Core Documents

Commentaries to the Guidelines for Practice

Commentary 22 - Materials and Methods

  1. Rationale
    • Some materials and methods used in the past have had a detrimental effect on cultural property, sometimes causing further deterioration and interfering with use of newly developed analytical techniques and treatments. Often the selection of materials and methods was formulaic, and not made on the basis of appropriateness to the individual cultural property being treated. It is therefore important that materials and methods be chosen that both meet the specific needs of the cultural property being treated and take into consideration the future availability of better analytical and treatment techniques.
    • Using materials and methods that are consistent with currently accepted practice will help the conservation professional to avoid the adoption of insufficiently tested materials and methods and to determine whether the use of existing materials and methods is appropriate in new treatment situations. Materials and methods become recognized as currently accepted practice through appropriate testing and publication in peer-reviewed literature. This process provides an understanding of the characteristics and properties of the materials and methods, especially their aging properties. Although selecting only those materials and methods that are accepted limits the conservation professional's repertoire, it enhances the possibility of sucessful future retreatment or analysis.
  2. Minimum Accepted Practice
    • Currently accepted practice is not static. Because of the changing and advancing nature of knowledge and practice in the field, all conservation professionals must continue to review the literature, monitor and review past treatments, and share with colleagues their experiences-both practical and experimental-through discussion and publication.
    • The goals of treatment must be clearly defined so that appropriate methods and materials can be chosen. The materials chosen must be:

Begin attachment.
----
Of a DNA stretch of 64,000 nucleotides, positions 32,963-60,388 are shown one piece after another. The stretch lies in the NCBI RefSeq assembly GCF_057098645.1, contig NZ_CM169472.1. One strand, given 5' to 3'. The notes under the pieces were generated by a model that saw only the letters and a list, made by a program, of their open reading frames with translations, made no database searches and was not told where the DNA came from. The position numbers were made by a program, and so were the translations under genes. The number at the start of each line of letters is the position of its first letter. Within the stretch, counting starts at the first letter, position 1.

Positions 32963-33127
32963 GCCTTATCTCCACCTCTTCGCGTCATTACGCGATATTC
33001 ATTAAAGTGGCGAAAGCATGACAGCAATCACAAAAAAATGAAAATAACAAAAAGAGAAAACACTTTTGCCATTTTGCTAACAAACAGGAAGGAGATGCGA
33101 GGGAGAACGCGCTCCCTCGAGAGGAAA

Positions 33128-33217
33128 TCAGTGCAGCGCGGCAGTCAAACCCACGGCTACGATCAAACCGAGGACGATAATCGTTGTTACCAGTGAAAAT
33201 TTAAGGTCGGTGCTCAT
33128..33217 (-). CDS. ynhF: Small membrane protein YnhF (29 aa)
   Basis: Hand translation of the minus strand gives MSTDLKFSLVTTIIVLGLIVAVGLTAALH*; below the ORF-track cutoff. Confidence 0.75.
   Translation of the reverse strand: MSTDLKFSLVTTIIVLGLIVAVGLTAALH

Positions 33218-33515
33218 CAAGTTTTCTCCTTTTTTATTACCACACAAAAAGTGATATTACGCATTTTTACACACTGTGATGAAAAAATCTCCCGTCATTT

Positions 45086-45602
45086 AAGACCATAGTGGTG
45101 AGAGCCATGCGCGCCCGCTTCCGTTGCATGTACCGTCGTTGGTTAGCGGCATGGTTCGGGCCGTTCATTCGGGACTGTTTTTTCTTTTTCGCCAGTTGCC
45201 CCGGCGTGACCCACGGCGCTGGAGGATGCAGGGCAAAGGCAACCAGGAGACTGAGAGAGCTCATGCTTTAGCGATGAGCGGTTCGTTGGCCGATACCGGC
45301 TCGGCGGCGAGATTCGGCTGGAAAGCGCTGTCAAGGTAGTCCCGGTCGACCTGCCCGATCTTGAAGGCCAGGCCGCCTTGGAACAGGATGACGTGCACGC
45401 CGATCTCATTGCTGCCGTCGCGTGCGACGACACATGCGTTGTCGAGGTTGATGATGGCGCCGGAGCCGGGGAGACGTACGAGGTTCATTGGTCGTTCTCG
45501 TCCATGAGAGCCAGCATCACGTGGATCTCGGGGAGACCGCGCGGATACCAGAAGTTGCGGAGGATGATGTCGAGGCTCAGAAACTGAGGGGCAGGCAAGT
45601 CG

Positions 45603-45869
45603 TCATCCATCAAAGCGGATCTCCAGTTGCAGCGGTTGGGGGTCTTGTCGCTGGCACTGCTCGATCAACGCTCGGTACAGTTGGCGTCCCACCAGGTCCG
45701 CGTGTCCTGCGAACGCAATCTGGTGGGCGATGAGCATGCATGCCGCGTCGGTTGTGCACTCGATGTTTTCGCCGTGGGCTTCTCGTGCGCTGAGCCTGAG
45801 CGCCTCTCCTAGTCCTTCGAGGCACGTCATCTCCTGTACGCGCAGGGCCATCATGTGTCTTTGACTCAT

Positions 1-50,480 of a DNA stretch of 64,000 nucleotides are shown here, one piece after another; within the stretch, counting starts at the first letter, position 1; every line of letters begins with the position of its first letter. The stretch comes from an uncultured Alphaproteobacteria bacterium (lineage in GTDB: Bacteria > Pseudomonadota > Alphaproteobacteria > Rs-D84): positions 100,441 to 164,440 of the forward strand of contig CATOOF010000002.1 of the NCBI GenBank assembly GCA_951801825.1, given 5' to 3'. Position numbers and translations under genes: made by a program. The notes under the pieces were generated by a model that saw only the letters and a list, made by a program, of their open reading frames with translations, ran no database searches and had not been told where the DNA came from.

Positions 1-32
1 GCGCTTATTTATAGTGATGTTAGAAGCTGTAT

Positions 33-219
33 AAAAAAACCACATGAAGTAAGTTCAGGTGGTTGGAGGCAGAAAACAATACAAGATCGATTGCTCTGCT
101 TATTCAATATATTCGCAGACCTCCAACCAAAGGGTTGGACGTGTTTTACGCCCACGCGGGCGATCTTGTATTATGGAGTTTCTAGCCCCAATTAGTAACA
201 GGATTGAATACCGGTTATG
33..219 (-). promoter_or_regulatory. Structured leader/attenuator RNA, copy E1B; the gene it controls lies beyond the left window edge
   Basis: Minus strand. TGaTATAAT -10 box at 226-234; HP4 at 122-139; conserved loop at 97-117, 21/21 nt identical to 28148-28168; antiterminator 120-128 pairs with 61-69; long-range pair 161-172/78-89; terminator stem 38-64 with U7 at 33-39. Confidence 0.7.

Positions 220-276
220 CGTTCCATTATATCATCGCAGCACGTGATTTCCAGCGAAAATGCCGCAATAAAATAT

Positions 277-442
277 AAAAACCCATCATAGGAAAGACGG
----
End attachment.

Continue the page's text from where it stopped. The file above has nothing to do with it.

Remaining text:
• chemically and physically compatible with the cultural property;
      • distinguishable from the materials of the cultural property (see Commentary 23, Section B);
      • removable with the least damage to the cultural property when removing the material becomes necessary;
      • the most chemically and physically stable of those appropriate; and
      • should not preclude retreatment or future analysis of the cultural property.
    • The methods chosen must be within the range of competence of the conservation professional. If an appropriate method does not fall within the competency of the conservation professional, then the treatment of the cultural property should be referred to a properly qualified conservation professional.
    • When no currently accepted material or method is available, treatment must be deferred and preventive conservation approaches used to stabilize the cultural property.
    • The conservation professional must distinguish among those materials and methods that are part of currently accepted practice, those that have been superceded, and those which are still experimental. Materials and methods become part of currently accepted practice through:
      • replicable research;
      • objective review of past practices;
      • professional consultation and open discussion at professional meetings;